University of Illinois at Chicago
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Contact force control in multibody pantograph/catenary systems

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journal contribution
posted on 2017-01-30, 00:00 authored by Ahmed A Shabana, Brian Tinsley, Mohil D Patel, Carmine M Pappalardo
In this paper, a new continuum-based pantograph/catenary model based on the absolute nodal coordinate formulation (ANCF) is proposed and used to develop an effective method to control the contact force which arises from the pantograph/catenary interaction. In the proposed new model, only one ANCF gradient vector is used in the formulation of the pantograph/catenary contact conditions, thereby allowing for using the proposed approach for both fully parameterized and gradient deficient ANCF finite elements. The proposed contact formulation can also be considered as a more general sliding joint formulation that allows for the use of the more efficient gradient deficient ANCF finite elements in modeling very flexible cables. A three- dimensional multibody system (MBS) model of a pantograph mounted on a train is developed using a nonlinear augmented MBS formulation. In order to take into account the catenary large deformation, ANCF finite elements are used. The contact between the pantograph and the catenary system is ensured using a sliding joint constraint whereas the contact between the rail vehicle wheels and the train track is modelled using an elastic contact formulation. In addition to the use of the new MBS approach to model the pantograph/catenary interaction, the contact force between the pantograph and the catenary is computed using a simpler lumped parameter model which describes the pan-head and the plunger subsystem dynamics. In order to reduce the standard deviation of the contact force without affecting its mean value, a control actuator is used between the pan-head and the plunger. To this end, three types of control laws for the control action are designed to improve the contact quality both in the transient phase and in the steady state phase of the pantograph/catenary interaction. The first control law proposed features a feedback structure whereas the second and the third control strategies employ a feedback plus feed-forward architecture. In order to demonstrate the effectiveness of the proposed method, the results of a set of numerical simulations with and without the controllers are presented.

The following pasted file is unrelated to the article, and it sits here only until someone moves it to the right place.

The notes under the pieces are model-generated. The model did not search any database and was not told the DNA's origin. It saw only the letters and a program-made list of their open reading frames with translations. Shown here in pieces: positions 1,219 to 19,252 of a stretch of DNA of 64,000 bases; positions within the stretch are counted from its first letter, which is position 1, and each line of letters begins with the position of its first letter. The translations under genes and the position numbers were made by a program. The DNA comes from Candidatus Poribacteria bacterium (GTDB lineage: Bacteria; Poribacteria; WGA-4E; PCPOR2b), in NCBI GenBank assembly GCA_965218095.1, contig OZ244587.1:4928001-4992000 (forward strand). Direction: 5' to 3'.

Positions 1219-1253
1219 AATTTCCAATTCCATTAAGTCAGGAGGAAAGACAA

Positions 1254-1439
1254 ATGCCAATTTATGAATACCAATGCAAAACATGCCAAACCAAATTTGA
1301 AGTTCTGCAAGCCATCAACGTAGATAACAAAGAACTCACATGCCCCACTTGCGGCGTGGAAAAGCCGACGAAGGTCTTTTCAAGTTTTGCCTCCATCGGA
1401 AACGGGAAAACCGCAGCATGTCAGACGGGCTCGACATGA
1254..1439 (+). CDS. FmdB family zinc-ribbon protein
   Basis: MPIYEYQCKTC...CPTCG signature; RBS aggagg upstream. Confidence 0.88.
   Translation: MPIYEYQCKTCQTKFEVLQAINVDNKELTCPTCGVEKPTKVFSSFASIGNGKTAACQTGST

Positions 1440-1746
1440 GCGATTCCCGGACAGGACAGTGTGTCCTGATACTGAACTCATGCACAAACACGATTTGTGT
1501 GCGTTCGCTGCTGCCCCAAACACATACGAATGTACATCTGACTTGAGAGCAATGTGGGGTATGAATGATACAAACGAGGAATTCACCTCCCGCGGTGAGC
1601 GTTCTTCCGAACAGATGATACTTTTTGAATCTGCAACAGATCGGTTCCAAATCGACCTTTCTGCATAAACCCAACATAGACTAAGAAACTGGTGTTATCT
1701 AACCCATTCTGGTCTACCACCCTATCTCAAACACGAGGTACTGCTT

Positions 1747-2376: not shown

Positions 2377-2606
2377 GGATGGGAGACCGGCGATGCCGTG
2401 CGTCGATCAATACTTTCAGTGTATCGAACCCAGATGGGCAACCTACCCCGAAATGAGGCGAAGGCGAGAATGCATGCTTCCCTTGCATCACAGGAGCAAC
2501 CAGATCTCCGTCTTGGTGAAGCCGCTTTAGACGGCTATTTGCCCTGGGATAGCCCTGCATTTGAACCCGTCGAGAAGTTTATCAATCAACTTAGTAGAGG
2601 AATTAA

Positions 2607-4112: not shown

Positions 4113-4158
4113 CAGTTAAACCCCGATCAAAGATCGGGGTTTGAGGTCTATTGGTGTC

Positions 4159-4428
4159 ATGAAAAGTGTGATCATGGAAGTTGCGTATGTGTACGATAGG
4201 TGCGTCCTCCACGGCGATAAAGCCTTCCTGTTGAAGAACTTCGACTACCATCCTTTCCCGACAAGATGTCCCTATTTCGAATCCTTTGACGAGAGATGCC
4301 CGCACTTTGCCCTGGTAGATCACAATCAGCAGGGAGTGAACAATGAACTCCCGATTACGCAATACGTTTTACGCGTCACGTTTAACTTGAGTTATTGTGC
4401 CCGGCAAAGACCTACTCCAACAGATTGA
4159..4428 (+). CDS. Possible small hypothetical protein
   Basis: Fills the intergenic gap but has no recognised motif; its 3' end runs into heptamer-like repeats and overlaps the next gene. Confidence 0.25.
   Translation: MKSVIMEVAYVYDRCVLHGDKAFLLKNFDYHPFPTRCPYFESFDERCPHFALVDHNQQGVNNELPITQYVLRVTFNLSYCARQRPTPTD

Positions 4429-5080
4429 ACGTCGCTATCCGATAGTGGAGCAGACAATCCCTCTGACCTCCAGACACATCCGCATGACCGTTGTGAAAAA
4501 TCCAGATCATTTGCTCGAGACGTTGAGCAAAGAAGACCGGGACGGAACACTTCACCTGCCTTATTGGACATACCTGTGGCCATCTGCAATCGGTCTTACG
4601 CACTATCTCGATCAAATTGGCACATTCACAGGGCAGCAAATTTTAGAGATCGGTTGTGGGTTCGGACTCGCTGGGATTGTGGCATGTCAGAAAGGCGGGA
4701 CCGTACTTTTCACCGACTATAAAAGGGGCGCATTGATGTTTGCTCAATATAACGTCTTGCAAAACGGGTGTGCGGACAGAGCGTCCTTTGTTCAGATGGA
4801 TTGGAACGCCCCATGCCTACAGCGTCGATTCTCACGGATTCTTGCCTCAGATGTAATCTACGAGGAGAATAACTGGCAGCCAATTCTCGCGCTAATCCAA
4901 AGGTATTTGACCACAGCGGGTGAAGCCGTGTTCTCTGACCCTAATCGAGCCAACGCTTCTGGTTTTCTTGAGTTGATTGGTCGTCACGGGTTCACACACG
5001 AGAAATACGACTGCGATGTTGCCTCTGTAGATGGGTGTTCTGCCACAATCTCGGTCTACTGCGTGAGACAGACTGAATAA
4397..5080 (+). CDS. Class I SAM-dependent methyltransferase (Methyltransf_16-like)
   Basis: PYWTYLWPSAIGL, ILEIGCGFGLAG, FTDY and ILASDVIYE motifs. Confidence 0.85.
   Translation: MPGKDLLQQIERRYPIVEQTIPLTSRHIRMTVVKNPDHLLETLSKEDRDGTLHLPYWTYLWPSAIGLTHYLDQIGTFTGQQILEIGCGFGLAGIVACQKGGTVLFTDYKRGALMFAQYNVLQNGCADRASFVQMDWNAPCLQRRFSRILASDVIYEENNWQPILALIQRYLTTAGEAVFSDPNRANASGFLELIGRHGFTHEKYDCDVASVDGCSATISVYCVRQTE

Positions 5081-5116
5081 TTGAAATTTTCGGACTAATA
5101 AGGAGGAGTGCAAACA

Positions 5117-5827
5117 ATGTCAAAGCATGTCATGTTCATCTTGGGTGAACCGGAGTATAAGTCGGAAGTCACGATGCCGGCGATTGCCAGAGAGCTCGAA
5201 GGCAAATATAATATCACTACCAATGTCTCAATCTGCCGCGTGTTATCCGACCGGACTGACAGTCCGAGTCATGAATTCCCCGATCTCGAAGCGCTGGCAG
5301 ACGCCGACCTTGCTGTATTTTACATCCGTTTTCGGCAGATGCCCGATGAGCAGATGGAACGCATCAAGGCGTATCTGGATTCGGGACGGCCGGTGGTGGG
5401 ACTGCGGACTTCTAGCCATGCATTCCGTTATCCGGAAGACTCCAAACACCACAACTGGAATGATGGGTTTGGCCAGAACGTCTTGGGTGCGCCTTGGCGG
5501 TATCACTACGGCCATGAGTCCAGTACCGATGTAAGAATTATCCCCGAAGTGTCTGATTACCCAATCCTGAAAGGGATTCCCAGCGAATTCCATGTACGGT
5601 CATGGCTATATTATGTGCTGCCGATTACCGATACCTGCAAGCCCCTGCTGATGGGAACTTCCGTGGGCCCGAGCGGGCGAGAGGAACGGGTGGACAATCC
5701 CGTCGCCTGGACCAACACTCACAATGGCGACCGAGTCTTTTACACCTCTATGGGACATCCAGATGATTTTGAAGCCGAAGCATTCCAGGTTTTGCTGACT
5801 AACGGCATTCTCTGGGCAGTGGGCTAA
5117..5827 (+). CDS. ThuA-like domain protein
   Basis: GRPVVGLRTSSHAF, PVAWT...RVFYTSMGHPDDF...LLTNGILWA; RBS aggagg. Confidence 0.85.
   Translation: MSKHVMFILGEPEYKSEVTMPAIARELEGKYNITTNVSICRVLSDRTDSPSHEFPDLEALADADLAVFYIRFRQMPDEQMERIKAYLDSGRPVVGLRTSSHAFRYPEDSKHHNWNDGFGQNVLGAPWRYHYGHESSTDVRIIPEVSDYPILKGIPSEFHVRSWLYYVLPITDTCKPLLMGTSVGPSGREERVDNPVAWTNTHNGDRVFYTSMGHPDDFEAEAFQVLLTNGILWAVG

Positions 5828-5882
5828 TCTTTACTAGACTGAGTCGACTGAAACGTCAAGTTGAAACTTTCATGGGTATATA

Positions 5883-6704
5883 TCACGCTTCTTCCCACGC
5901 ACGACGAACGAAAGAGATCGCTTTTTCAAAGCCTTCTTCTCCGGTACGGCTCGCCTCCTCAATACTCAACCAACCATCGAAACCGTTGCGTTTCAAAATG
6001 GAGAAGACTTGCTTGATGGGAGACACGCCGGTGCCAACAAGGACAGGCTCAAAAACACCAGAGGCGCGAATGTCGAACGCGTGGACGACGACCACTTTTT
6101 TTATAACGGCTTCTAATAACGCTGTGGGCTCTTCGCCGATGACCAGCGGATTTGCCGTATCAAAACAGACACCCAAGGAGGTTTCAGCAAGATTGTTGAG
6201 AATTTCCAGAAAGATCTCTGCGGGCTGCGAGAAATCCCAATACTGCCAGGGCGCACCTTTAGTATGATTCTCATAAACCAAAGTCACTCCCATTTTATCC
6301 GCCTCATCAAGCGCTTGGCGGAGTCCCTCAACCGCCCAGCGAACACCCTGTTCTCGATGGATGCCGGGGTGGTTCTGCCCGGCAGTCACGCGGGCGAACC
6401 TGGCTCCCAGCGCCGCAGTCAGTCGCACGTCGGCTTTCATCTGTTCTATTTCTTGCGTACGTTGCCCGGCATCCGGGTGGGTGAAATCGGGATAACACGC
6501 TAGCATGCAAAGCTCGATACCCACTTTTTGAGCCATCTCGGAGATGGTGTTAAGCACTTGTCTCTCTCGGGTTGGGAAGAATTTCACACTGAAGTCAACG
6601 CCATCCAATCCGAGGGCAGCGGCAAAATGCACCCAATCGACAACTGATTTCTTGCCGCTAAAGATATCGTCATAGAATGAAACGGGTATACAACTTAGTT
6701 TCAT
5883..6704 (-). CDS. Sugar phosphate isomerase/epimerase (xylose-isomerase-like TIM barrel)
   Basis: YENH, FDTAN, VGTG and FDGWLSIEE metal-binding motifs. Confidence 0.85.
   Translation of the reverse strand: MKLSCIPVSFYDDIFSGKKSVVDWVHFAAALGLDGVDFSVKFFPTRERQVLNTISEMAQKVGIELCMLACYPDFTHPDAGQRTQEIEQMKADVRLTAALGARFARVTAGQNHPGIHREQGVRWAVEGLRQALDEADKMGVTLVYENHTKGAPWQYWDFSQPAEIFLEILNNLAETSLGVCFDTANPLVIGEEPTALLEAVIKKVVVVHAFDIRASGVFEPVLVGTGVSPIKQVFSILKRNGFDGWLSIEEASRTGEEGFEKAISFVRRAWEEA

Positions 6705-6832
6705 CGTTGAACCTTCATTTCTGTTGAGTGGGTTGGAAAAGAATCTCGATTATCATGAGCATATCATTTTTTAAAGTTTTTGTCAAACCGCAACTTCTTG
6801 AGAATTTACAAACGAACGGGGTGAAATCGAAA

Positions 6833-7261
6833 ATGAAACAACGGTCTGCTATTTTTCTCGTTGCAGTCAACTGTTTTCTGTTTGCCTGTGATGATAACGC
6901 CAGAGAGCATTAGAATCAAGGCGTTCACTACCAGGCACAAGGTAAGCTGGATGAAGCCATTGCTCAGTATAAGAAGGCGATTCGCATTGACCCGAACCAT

This research was supported in part by the U.S. Department of Transportation National University Rail (NURail) Center.


Publisher Statement

This is a copy of an article published in the Proceedings of the Institution of Mechanical Engineers, Part K: Journal of Multi-body Dynamics © 2015 Institution of Mechanical Engineers


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